About a half hour later, the husband returned and went straight to our bathroom. As it turns out, the worst thing about our apartment was apparently the horribly rusted pipe inside our shower. I’m guessing that it didn’t win by much.
The husband pulled a roll of silver duct tape out of a bag and immediately began wrapping up that pipe like a boxing trainer getting his fighter’s fists ready for a bout. Within seconds it was done. The Mom exhaled. She knew that there was no way that she could fix the place, but she seemed content enough in the knowledge that she did her little part to make it a little less squaloriffic.
She never set foot in our apartment ever again.
That frosh week we broke the apart in well and never looked back.
At this point I’ll warn you that the memory-ravaging bastard called “time” and the need to omit things to protect the innocent-ish, means that I may be moving things around in the greater timeline. But, the events actually did happen at some point. And I’m willing to bet that those who were there have even less memory of the chronological order than I do.
One of my most vivid memories from our parties was when a frosh chick of Asian extraction was dancing on the back of one of our couches. She paused for a second to take it all in. Finally she asked — to no one in particular — if this was a frat house. And I felt proud. I knew we had reached the proper level of debauchery, if we were mistaken for a frat.
I vaguely remember someone answering her with “This place can be anything you want, baby.” Though it wasn’t me who said it.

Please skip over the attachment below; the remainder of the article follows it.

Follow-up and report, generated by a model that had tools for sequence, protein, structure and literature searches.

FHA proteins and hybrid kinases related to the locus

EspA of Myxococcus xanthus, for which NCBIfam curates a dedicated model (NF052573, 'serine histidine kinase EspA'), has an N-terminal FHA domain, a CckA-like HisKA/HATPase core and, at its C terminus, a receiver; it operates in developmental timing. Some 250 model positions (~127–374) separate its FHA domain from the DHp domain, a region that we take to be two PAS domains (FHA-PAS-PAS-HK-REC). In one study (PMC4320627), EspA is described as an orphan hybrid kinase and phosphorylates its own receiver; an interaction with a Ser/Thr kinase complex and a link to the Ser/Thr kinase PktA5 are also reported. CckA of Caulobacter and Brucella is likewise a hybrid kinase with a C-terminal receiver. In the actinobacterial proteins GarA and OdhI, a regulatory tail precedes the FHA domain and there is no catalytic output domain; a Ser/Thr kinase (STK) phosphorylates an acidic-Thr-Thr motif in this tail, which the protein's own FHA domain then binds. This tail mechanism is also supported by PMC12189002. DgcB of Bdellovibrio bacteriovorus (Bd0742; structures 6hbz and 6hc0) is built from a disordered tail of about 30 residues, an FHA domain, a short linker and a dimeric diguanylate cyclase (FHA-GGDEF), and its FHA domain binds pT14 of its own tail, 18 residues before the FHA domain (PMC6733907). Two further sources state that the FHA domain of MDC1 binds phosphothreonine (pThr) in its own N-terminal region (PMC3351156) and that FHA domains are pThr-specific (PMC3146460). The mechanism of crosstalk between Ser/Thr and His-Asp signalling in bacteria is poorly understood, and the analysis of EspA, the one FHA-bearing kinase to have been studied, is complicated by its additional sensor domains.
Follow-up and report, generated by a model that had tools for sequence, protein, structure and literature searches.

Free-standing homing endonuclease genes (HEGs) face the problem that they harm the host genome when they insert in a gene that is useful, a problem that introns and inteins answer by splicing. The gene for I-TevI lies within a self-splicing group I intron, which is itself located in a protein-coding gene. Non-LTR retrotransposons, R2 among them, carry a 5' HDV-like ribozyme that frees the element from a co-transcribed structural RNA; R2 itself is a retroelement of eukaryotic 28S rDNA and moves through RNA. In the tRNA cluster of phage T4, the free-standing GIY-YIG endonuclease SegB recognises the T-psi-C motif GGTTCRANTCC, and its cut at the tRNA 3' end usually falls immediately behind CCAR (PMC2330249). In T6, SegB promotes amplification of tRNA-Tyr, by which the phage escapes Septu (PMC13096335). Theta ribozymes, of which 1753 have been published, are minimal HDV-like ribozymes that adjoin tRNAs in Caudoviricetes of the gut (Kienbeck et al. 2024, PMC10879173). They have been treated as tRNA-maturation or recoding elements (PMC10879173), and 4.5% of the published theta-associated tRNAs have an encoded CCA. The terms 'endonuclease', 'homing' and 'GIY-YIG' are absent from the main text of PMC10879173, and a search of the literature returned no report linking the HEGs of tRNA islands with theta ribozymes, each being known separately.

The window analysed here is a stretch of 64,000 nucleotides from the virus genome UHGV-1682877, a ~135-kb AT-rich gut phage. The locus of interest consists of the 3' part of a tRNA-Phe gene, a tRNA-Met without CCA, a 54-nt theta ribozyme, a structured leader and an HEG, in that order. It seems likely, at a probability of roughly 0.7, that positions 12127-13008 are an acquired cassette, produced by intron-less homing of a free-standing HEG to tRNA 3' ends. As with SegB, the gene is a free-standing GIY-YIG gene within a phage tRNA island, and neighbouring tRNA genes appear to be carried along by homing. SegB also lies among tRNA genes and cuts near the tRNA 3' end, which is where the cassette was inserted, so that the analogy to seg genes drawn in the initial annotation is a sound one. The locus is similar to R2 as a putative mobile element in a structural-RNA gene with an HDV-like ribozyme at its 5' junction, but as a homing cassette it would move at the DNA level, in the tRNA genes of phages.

Another fun night was when the geekiest dude ever showed up at our party. He was like the bastard child of Bill Gates and Urkel. We later tried to figure out how he came to attend the soiree. As near as we could tell, he was the friend of a friend of a classmate of a friend of A… Well, suffice it to say that we had fewer degrees of separation from Kevin Bacon than from this dude.
The guy spent the entire night sitting just a few feet away from his “friends.” He didn’t drink. He didn’t sing. He didn’t talk to anyone. Finally as the wee hours arrived and people starting stumbling home, he bumped into one of our friends in the doorway. Our friend said, “Hey, hope you had a good time.” Urkel Gates stopped, stared him in the face and, in the most nasally voice ever, uttered, “You don’t mean that.”
Now, I KNOW that isn’t going to read as funny as it was when it happened. We repeated that line and howled about it for months. Seriously. I loved that guy. He probably shot up a post office in the late 90s.
As frosh week ended, everyone was pretty much needing a rest. It was 9 pm on Sunday night before classes began. Two of the roomies were in bed already. And LS was stretched out on one couch, while I was stretched out on the other — watching TV. Suddenly our front door opened — we never really got around to locking it during the 2 years we lived there. In walked a large dude. He was probably 6’5″ or so. I can’t really think of a way to properly describe his appearance. He looked…. sketchy? He wore dirty jeans and a dirty jean jacket. He had a bandana around his neck that I’d bet large amounts of money that he wrestled away from a dog. And not a clean one.
And now he was standing silently in the middle of our living room.
He stared directly at an Easy Rider poster that LS had put on the main wall above our TV. It was the one with Dennis Hopper flipping the bird.
Finally, without taking his eyes off of it, he said, “Great fucking poster.”
Then he turned and left.
LS and I looked at each other, shrugged and went back to watching TV.
To be continued…